Cheap tricks for the YZ shock


23 replies to this topic
  • grayracer513

Posted May 06, 2016 - 09:18 PM

#21

The '07 shock was almost certainly valved differently than the '06, but only a shim or two here and there.  It's not uncommon to see two bikes made the same year with slightly different valving.  The bolded shims are shims that were changed from the stock size.  Occasionally there is one added. 

 

I weigh 170, so it's not so different.  The symptoms in your rebound as you describe them are classic YZ/KYB complaints.  This shock setup originated with Dave Johnson of SMART Performance in almost this exact form.  I've only made minor changes.  I was getting rear end kick to the extent that the bike of the bike was moving around a lot, and the tail high attitude on hitting the next successive whoop was causing the front to be unsettled and squirrely at speed.  This shock addressed that completely.  The HSC modification came later to make the rear more compliant among big rocks in 1st and 2nd  gear. 

 

Originally, I could sit the bike on the ground, bounce the seat with my hand, and it would rebound a bit beyond its static height and then settle back.  The fender used to wiggle up and down freely while it rode down the freeway in the truck.  No more.  Now it takes a full second or so to rise from the same seat bounce, and doesn't float over at all.

 

I found it really hard to believe, just on the surface, that that much stiffening of the face stack would not cause packing, but the thing is that with the stock setup, any time you get the rebound just about right, most of your damping is being done by the adjuster needle, which is a fixed orifice once you set it.  With a stiffer valve stack, the bleed through the adjuster is greater, and more of the damping control lies with the stack, which does the job much better.  If I hit a series of whoops, the bike does actually squat just a little bit, but it stays down, and stays behind me, and the front doesn't twist into the next one, it just tracks straight.  Running through a string of whoops in the desert, I never feel like the rear end "packs", that is, the compression never suffers from the slower rebound or the "squat".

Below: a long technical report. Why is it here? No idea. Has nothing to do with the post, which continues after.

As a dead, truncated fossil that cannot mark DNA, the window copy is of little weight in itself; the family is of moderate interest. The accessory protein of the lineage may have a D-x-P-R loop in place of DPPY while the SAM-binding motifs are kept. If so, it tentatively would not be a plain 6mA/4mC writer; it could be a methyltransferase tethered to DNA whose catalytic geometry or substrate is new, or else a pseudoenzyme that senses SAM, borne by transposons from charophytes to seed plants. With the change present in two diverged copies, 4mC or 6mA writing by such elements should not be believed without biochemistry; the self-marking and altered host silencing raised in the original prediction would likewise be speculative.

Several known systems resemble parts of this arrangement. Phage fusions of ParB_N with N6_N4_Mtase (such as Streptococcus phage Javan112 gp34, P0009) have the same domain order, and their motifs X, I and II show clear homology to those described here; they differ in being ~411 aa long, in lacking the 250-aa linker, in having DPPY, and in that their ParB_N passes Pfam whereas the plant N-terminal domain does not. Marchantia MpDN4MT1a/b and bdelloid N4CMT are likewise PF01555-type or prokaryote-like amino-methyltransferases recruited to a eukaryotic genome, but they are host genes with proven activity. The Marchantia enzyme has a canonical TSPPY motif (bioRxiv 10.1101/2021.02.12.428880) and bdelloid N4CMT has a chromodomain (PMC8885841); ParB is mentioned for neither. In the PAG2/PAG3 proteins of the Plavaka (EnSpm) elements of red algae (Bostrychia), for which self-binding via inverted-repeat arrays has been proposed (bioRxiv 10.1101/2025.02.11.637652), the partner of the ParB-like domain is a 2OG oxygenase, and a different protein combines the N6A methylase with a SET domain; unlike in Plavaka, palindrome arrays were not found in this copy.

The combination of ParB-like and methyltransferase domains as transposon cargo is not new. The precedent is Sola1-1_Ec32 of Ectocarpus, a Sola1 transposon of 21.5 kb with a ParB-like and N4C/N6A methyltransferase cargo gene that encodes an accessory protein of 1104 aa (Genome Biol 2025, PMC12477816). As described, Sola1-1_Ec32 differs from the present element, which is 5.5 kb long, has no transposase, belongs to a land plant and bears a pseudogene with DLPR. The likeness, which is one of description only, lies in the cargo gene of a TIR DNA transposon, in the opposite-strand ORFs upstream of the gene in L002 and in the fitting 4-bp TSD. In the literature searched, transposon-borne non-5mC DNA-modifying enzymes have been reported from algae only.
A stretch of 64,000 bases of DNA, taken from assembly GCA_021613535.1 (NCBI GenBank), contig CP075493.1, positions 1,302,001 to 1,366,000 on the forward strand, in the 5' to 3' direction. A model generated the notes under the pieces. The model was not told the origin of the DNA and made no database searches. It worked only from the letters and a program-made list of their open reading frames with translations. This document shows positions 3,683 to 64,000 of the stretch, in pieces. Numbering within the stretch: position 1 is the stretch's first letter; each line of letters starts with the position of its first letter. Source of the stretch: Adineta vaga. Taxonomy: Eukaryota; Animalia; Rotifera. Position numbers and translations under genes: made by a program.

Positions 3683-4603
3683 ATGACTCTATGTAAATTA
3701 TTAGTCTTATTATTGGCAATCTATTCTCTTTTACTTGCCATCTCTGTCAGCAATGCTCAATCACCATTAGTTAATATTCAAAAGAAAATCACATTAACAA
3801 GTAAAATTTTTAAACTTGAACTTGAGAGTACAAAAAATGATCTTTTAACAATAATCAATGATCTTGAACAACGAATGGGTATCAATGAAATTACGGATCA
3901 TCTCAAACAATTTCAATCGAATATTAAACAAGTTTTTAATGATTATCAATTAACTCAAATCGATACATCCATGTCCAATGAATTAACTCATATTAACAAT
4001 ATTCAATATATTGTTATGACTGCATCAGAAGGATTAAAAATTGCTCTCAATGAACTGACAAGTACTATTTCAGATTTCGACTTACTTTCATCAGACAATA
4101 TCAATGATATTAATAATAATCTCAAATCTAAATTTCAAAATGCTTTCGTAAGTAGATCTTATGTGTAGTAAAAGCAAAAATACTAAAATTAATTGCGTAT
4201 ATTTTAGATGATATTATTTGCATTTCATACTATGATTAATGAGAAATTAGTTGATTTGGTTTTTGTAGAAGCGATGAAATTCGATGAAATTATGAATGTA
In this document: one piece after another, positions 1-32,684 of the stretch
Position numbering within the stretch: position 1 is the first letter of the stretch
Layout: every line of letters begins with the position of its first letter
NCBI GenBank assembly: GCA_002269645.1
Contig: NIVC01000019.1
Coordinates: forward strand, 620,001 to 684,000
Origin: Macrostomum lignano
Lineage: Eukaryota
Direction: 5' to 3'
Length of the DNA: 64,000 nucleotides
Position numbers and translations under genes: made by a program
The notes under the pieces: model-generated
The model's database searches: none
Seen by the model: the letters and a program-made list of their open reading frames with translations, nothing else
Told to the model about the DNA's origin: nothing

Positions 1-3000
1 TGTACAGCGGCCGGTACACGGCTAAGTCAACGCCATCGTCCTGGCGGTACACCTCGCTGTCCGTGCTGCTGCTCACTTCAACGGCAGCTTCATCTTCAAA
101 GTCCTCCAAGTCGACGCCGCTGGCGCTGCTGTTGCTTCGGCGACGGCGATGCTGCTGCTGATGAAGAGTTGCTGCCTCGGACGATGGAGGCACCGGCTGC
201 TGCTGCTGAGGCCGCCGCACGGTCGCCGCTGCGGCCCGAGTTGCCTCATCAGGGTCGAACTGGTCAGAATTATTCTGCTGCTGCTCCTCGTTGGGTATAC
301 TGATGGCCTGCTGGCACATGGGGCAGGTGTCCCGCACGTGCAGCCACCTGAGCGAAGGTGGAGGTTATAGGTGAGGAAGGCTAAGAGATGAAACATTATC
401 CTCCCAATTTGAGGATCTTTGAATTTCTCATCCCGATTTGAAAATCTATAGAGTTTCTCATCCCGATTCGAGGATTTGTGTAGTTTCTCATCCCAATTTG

Since you are 20 pounds lighter, you might try using 0.30 shims in only the first 6 positions off the piston instead of the first 7. 



  • heart_of_darkness

Posted May 08, 2016 - 01:00 PM

#22

Note also that the concept of applying spring pressure to the back of the face shim does not apply to this setup, as the spring pressure is borne by the two 11's, the effective "clamp", and not the face or other larger shims.

highspeedUnitLS-HS-1_zpsd225380f.jpg

Grey, thanks for the detailed explanation.

At the beginning of this thread is a picture of a modified spring seat which applies the spring pressure to the face shims. Do you think that modification is useful for increasing the range of adjustability of the HSC? Or, if there's not a greatly independent flexing of the face shims and 11mm shims, would it not make too much difference?

Edited by heart_of_darkness, May 08, 2016 - 01:03 PM.


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  • GHILL28

Posted May 08, 2016 - 10:41 PM

#23

There are some differing opinions on that rebound setup.  While most would agree that the stock YZ/YZF shocks could use some stronger rebound damping especially from deep in the stroke, many have found the use of a large stack of .3mm shims to produce an excessive effect that can cause packing and can sacrifice ride qualities elsewhere for stability in individual deep-travel events.

 

I've thought for a while that my '14 YZF could use some significantly stronger rebound in the back for stability in whoops, but I'm very hesitant to try the stack of .3mm shims again since I had poor results with it on my YZ250 a couple years ago, and I found the stock setup to be more predictable (not faultless, just more predictable).  Again, the bike behaves VERY well everywhere else, and I don't want to sacrifice that but I think at some point I'll 

 

The thread in the suspension forum by Clicked started touching on rebound acceleration curves I think.  I'd like to learn more about that aspect of it to optimize the rebound behavior a bit better.  I do agree with GR observing that the free-rebound stroke will allow the rear end to come up above ride height and oscillate a bit to settle.



  • grayracer513

Posted May 09, 2016 - 06:41 AM

#24

At the beginning of this thread is a picture of a modified spring seat which applies the spring pressure to the face shims. Do you think that modification is useful for increasing the range of adjustability of the HSC? Or, if there's not a greatly independent flexing of the face shims and 11mm shims, would it not make too much difference?

 

I'm not sure.  Also not really sure why the spring seat needed to be modified.  I haven't messed with that approach.  With the reshimming I did, it seems likely that there would be less overall tendency to flex the 11mm shims against the spring seat, and it might have the effect of reducing the range of adjustability.  I've thought about playing with changing the 11's out for 12's or 13's to see the effect that would have.







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